Published online by Cambridge University Press: 05 September 2013
Early in my undergraduate career, my Cambridge supervisor in Economic History set two of us an essay on the agrarian problem of the sixteenth century: ‘was it less a problem of enclosures than of rents?’ (a good question). In trying to answer it we were not required to read Tawney's great book. We read about Tawney; not Tawney himself. That did not matter, because we were advised that Tawney was ‘an old sentimentalist’ who had failed to recognise that England was already a ruthless and competitive contract society in the sixteenth century, a society of which our supervisor clearly approved. Much later, I learned from another Cambridge economic historian that the trouble with Tawney was that, along with other ‘reformist’ economic historians, he suffered from ‘middle-class guilt’. Worse, he wrote ‘Mandarin’ prose.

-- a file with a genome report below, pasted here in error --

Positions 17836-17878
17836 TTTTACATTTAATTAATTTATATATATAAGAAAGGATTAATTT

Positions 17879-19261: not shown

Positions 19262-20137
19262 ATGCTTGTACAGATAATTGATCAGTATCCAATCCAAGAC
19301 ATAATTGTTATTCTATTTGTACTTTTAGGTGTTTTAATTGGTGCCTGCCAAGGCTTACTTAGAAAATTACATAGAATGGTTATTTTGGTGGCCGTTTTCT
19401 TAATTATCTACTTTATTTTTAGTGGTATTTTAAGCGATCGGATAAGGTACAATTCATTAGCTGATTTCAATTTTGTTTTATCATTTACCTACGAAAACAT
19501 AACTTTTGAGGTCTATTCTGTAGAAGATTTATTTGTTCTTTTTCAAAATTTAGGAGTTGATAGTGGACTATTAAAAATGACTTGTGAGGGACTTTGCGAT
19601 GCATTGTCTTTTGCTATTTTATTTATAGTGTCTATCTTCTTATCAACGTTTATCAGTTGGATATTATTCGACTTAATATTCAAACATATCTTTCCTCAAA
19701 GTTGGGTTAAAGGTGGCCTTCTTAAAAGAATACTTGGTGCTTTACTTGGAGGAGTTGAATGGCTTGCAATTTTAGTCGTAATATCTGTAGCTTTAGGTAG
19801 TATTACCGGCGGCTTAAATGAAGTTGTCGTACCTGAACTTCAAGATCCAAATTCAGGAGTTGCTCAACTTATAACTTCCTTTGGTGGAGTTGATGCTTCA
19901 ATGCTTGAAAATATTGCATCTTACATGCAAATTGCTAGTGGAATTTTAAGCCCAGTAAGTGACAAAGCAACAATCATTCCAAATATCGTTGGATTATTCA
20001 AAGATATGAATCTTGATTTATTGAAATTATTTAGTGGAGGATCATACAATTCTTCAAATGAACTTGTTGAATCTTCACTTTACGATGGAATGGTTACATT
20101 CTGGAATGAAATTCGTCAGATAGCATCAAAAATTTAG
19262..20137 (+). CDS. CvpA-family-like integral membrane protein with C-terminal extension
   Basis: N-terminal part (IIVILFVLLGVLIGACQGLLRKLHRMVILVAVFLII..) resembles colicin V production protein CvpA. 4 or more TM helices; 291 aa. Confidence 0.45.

When I actually read Tawney's Agrarian Problem for myself, shamefully late, I expected to find it a work with which I would have some sympathy, but which would inevitably be dated in both content and style. What a surprise, then, to find that Tawney's tone was predominantly cool, authoritative, and not at all sentimental; I thought him rather tough-minded. His purplish passages were justified in context and seemed to spring from indignation rather than guilt. His dominant manner was a sustained effort to explain, in a multi-faceted and at times distinctly distanced way, a set of profound and complex changes. If his sympathies were clearly with the losers in that process, he did not wallow in the celebration of victimhood.